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Understanding the How and Why of Electrical Product Safety Testing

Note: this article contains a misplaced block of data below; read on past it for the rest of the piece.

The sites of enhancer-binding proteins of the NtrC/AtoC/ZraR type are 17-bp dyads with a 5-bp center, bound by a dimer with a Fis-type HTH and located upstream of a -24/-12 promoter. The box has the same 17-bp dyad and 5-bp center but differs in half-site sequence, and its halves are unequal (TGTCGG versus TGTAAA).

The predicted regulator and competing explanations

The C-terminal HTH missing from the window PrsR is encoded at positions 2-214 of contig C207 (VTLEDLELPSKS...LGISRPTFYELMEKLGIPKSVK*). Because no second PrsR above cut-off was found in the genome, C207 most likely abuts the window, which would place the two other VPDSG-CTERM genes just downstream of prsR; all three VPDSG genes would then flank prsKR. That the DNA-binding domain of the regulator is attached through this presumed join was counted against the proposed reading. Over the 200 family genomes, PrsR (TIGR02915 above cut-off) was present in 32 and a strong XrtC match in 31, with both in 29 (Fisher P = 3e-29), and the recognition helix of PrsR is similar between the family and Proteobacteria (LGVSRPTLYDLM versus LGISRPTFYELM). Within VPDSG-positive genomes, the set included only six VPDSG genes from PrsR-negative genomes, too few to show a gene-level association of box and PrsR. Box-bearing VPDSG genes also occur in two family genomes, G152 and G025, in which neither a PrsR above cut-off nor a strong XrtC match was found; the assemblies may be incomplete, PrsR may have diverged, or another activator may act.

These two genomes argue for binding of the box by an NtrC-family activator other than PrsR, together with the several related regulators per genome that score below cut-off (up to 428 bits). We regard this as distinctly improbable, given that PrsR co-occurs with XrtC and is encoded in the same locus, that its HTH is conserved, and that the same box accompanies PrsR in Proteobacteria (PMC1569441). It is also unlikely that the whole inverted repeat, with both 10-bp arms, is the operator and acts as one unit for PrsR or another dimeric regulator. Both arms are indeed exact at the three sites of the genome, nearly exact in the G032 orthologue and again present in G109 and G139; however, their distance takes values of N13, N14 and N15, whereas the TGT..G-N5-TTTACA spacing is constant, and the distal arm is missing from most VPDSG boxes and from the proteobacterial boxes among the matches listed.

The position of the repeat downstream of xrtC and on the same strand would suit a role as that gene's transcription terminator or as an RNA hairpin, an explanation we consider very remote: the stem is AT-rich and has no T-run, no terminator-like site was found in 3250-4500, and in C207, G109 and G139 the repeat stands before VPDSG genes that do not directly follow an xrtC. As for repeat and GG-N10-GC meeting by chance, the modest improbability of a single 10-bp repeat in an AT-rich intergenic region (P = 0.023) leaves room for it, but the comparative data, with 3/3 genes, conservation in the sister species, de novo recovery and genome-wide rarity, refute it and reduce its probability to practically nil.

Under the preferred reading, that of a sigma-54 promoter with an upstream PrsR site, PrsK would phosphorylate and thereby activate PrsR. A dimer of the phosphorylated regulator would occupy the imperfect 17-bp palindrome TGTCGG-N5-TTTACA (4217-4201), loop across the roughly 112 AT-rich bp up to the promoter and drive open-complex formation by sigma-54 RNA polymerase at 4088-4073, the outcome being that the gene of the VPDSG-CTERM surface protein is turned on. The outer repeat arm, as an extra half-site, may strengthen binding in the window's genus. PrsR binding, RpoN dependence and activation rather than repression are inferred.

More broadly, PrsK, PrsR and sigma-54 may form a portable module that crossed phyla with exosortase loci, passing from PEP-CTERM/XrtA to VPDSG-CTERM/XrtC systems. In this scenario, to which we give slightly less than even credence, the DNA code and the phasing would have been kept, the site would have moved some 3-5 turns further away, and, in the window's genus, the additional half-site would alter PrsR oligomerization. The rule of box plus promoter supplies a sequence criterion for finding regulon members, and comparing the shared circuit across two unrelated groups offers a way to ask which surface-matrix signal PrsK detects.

Homi Ahmadi Knowing why to perform required electrical safety tests is as important as knowing how to perform them. With so many electrical product safety standards currently in use and many civil and legal actions pending in various courts around the world, electrical safety testing is more critical than ever to ensure that all products are safe before they reach the end-user. Fortunately, the majority of manufacturers are fully aware of the hazards associated with electrical equipment and the ramifications of noncompliance with relevant safety standards or test house agreements. Electrical safety tests can be roughly divided into two areas: those tests carried out during the approvals process by test houses (known as type tests) and those carried out at the end of each production line by the manufacturer (known as routine production tests). For type tests, a product is subjected to tests and evaluations in accordance with a specific product safety standard. For production tests, a manufacturer can select a few tests, ensuring that each product is subjected to those tests in accordance with its own procedures. Most manufacturers, in particular information technology (IT) equipment manufacturers, choose four primary product safety tests to be routine at the end of the production line. These include dielectric, insulation resistance, ground continuity, and leakage current. These tests are designed to ensure that the user does not get electrocuted or otherwise hurt by operating a piece of equipment that has hazardous voltages or high fault current as a result of electrical fault. This article looks at the fundamentals behind each test and analyzes the reasoning behind each test, as well as discussing appropriate limits and equipment. Dielectric Strength Test The dielectric strength test, also known as dielectric withstand test or hipot test, is probably the best known and most often performed production-line safety test. It is part of virtually every standard, which indicates its importance. The hipot test is a nondestructive test that determines the adequacy of electrical insulation for the normally occurring overvoltage transient. This is a high-voltage test that is applied to all devices for a specific time in order to ensure that the insulation is not marginal. Another reason for conducting the hipot test is that it also detects possible defects such as inadequate creepage and clearance distances introduced during the manufacturing process. During type testing, the hipot test is applied after tests such as fault condition, humidity, and vibration to determine whether any degradation has taken place. The production-line hipot test, however, is a test of the manufacturing process to determine whether the construction of a production unit is about the same as the construction of the unit that was subjected to type testing. Some of the process failures that can be detected by a production-line hipot test include, for example, a transformer wound in such a way that creepage and clearance have been reduced. Such a failure could result from a new operator in the winding department. Other examples include identifying a pinhole defect in insulation or finding an enlarged solder footprint. Most safety standards use the 2U + 1000 V formula as the basis for testing basic insulation, where U is the operating